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Democrats Don’t Get It on the Drug War

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After decades of working with Republicans to destroy people with their much-vaunted war on drugs, some Democrats are now coming out in favor of legalizing marijuana. Their change of position is a testament to the power of the shifting winds of public opinion. When the winds shift, so do the positions of many political types.

Unfortunately, however, such Democrats continue to support the drug war with respect to other drugs, such as heroin, cocaine, meth, and opioids. When it comes to freedom, Democrats, like Republicans, just don’t get it.

In a genuinely free society, people have the fundamental, natural, God-given right to ingest whatever they want, no matter how harmful, destructive, or dangerous the substance they are ingesting. If people are punished for ingesting non-approved substances in the privacy of their own homes, there is no way that that society can be considered a genuinely free society. It is not a coincidence that there are drug laws in China, North Korea, Vietnam, Cuba, Egypt, Myanmar, and other totalitarian or authoritarian regimes.

Moreover, there is the utilitarian case against the drug war. Despite decades of warfare, it hasn’t achieved its purported end — the elimination or drastic reduction in drug consumption. Think of all the people, drug cartels, drug gangs, and drug dealers that have been busted in the last 40 years. And then think about the level of drug consumption today. The drug war has accomplished nothing.

If the consequences of this government program were neutral, that would be bad enough. But they’re not. The consequences have been horrific. The drug war has given rise to violent drug cartels and drug gangs and to violent turf battles, assassinations of government officials and reporters, robberies, muggings, thefts, and governmental corruption, especially in the form of bribes. It has torn apart the fabric of society, not only here in the United States but also in Latin America and elsewhere.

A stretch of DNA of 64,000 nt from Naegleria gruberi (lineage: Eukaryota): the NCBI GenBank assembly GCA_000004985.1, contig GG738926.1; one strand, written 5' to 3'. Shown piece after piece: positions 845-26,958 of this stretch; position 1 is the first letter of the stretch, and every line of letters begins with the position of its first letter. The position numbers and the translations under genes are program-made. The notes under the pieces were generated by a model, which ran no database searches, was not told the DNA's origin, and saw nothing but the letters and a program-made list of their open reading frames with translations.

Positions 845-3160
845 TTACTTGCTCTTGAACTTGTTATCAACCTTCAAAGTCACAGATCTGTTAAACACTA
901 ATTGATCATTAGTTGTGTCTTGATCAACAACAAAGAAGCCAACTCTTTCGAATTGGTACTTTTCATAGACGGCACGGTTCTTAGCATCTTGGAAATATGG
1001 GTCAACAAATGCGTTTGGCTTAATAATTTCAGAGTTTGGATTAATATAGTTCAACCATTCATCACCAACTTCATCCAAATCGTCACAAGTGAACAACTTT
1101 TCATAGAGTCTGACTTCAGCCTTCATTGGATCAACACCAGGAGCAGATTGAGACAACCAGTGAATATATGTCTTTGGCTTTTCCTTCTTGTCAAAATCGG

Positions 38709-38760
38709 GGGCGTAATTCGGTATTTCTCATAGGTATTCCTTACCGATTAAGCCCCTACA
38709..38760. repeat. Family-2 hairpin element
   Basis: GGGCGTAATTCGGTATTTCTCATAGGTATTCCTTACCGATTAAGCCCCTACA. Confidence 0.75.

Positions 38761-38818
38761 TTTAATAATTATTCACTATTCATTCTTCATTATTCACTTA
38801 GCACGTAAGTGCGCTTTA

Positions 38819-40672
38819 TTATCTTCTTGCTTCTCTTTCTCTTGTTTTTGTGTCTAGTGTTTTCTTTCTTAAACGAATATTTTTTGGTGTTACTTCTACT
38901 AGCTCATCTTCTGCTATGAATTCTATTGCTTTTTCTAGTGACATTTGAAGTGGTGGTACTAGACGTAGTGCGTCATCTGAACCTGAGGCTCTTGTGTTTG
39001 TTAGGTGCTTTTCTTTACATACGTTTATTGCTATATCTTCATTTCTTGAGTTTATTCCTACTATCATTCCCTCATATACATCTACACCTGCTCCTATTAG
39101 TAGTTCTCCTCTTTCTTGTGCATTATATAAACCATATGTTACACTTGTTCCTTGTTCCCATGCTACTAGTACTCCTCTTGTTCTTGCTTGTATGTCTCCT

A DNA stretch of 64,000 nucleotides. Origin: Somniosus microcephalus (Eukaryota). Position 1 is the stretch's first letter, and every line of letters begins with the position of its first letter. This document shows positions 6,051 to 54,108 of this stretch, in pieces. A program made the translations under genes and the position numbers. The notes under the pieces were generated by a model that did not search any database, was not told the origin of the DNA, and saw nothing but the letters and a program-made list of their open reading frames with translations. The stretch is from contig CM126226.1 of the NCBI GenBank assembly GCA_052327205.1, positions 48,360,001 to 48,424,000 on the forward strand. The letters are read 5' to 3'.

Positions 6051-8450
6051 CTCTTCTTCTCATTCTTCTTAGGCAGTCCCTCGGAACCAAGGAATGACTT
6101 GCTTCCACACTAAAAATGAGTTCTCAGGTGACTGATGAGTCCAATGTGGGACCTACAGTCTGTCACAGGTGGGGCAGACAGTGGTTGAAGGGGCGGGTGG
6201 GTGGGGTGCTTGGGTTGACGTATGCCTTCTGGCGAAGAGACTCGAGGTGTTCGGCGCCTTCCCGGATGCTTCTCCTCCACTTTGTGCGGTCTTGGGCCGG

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There has also been the collateral attacks on the freedom and privacy of the American people. No-knock violent, terrifying drug raids in which both citizens and the police have been killed. Secret surveillance of the citizenry. Corrupt plea bargains that bribe drug-law violators into becoming snitches, which then jeopardizes their lives. Asset-forfeiture laws that enable the police and the DEA to steal money, cars, and other assets from people without notice and hearing. Warrantless searches and secret surveillance.

And then there is the racial bigotry. The drug war has enabled bigoted cops to harass and abuse African-Americans to their hearts content—and it’s all legal. In fact, the drug war has become the most racially bigoted government program since segregation, perhaps more so. Under segregation, Democrats and Republicans at least permitted blacks to continue living in the community, albeit in segregated areas. With the drug war, Democrats and Republicans have been able to remove large numbers of blacks from communities and relocate them in places called federal penitentiaries.

The only ones who are left benefitting from this evil, immoral, destructive, and racially bigoted war are the people making money and gaining power from it — like judges, prosecutors, court clerks, law-enforcement officials, the DEA, politicians, and, of course, the drug gangs and drug cartels, which would be immediately put out of business with drug legalization.

How do we get Democrats to go all the way and legalize all drugs? Keep the winds of public opinion shifting toward drug legalization. That’s also the way to get Republicans moving in the same direction.

Reprinted with permission from Future of Freedom Foundation.

Read the original article.

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About The Author

Jacob G. Hornberger

The Ron Paul Institute for Peace and Prosperity is a project of Dr. Paul’s Foundation for Rational Economics and Education (F.R.E.E.), founded in the 1970s as an educational organization. The Institute continues and expands Dr. Paul’s lifetime of public advocacy for a peaceful foreign policy and the protection of civil liberties at home. Visit http://www.ronpaulinstitute.org

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